• Fujifilm reveals the FinePix XP90, a durable point-and-shoot

    by 
    Edgar Alvarez
    Edgar Alvarez
    01.14.2016

    Fujifilm couldn't let Olympus, which introduced the TG-870 at CES 2016, have all the fun in the multi-purpose camera space. As such, Fuji has introduced the FinePix XP90, its new rugged point-and-shoot with waterproof (50ft), shockproof (about 6ft), freezeproof (14 degrees Fahrenheit) and dustproof capabilities. Compared to the XP80, Fujifilm's XP90 hasn't changed much, featuring the same 16.4-megapixel, 1/2.3-inch CMOS sensor, 5x optical zoom and 28mm wide-angle lens.

  • Fujifilm's mid-tier camera line grows with its X-E2S and X70

    by 
    Edgar Alvarez
    Edgar Alvarez
    01.14.2016

    Not into the FinePix XP90 that was just announced? Don't worry, Fujifilm has something else for you. The Japanese camera maker is also introducing the X-E2S and X70, a pair of compact shooters for people who want to start getting serious about photography. First off, there's the X-E2S, which sports a 16.3-megapixel APS-C X-Trans CMOS II sensor, alongside a newly developed 49-point autofocus system and a max ISO range of up to 51,200. In addition to that, you'll get 1080p video at 24, 25, 30, 50 and 60 fps, but you won't find any 4K support here.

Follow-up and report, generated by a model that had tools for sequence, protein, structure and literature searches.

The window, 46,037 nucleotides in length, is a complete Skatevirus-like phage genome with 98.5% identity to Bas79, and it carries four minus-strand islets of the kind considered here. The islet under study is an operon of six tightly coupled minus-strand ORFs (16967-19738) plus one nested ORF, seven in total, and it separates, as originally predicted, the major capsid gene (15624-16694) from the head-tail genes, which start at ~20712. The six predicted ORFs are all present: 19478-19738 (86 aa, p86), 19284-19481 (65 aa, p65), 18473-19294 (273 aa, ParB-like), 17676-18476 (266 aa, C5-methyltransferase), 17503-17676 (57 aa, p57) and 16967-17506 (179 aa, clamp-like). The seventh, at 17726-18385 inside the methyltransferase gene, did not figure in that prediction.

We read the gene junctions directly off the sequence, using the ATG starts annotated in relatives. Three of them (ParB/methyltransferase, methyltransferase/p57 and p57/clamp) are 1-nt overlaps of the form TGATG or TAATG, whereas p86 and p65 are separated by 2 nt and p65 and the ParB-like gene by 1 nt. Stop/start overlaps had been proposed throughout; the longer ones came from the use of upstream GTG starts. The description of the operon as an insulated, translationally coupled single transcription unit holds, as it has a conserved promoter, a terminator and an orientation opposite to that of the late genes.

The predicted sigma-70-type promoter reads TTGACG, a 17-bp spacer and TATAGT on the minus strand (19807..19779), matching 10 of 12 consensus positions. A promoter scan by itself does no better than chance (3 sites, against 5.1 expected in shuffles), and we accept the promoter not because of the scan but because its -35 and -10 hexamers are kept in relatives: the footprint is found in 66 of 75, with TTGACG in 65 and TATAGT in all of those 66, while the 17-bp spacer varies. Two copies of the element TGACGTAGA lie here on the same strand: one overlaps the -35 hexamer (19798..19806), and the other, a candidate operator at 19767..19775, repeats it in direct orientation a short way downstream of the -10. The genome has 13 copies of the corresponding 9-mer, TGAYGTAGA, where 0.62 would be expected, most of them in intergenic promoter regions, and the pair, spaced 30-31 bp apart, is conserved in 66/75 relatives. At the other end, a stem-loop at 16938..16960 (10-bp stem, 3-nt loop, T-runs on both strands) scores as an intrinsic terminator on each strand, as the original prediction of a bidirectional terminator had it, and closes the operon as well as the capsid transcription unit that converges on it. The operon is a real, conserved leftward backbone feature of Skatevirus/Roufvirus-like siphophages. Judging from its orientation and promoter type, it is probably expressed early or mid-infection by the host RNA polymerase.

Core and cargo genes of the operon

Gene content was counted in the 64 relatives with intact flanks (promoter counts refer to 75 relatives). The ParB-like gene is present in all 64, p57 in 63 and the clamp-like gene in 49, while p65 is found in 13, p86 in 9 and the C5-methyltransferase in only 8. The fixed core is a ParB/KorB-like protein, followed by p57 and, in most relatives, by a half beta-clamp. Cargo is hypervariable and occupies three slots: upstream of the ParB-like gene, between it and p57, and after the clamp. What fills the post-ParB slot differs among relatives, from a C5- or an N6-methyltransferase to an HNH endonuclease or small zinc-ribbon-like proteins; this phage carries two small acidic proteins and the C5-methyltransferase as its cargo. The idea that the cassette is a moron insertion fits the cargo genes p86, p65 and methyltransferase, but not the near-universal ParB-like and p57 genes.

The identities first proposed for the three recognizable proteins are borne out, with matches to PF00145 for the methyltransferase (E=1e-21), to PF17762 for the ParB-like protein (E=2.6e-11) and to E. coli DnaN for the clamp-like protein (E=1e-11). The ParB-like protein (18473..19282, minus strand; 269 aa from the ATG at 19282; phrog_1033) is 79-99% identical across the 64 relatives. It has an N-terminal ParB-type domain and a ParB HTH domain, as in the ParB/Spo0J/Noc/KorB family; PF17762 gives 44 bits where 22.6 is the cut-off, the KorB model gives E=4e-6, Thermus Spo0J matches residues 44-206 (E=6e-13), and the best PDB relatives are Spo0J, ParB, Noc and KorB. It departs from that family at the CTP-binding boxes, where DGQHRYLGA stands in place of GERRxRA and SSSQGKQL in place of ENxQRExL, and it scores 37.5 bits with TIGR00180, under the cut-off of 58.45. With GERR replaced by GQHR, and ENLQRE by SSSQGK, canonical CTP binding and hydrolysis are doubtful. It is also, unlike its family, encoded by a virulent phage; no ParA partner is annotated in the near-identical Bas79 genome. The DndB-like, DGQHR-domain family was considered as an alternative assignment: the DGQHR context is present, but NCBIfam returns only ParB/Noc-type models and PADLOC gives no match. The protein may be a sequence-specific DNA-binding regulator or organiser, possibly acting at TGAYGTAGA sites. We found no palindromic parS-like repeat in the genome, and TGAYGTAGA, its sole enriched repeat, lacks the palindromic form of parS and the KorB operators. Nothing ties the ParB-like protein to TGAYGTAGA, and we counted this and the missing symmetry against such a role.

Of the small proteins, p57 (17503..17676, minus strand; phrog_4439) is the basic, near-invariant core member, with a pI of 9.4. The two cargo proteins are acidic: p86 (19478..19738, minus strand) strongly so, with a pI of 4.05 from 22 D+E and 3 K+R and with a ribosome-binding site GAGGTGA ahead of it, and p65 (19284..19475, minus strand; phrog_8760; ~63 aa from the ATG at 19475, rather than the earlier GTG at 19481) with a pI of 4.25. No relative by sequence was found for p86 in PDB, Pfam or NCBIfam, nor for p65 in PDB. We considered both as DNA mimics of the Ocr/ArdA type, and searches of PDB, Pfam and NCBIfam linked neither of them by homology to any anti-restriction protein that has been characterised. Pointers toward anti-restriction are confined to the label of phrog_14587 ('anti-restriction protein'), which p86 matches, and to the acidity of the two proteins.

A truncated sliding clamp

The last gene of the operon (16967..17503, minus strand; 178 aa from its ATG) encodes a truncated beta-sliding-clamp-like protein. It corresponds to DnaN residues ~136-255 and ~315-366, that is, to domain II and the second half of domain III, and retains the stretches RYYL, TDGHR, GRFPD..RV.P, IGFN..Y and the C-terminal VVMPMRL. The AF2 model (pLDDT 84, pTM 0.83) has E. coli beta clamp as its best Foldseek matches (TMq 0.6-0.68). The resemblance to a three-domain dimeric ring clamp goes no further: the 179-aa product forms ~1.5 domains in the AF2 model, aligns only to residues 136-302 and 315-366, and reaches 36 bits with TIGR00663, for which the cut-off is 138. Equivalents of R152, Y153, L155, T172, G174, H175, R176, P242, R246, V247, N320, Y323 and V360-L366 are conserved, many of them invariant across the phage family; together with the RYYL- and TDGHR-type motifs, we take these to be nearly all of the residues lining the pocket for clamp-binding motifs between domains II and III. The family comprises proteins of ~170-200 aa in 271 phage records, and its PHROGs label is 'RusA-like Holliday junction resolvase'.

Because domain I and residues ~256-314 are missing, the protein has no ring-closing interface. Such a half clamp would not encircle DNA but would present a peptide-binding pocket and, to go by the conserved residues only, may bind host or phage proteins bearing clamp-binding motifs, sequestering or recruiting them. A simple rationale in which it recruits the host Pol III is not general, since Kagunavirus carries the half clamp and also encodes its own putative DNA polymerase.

• Fujifilm's X-Pro1 camera is finally getting a sequel

    by 
    Jon Fingas
    Jon Fingas
    12.28.2015

    Fujifilm's X-Pro1 was hot stuff for mirrorless camera fans when it arrived in 2012, but a lot has changed in 4 years -- you can get considerably more powerful gear for the original asking price. At last, though, it looks like the photography giant is ready to update its flagship. Fuji Rumors has scored pictures of an X-Pro2 that (at least on the outside) is a welcome refinement of the original formula. You'll still see the familiar, retro-influenced body, but it boasts clear changes to the viewfinder (possibly borrowing from the X100T) and control scheme -- notice the joystick in the shot below? It may also be more compact, although it's harder to tell in these early images.

  • Best gear for your next road trip

    by 
    Wirecutter
    Wirecutter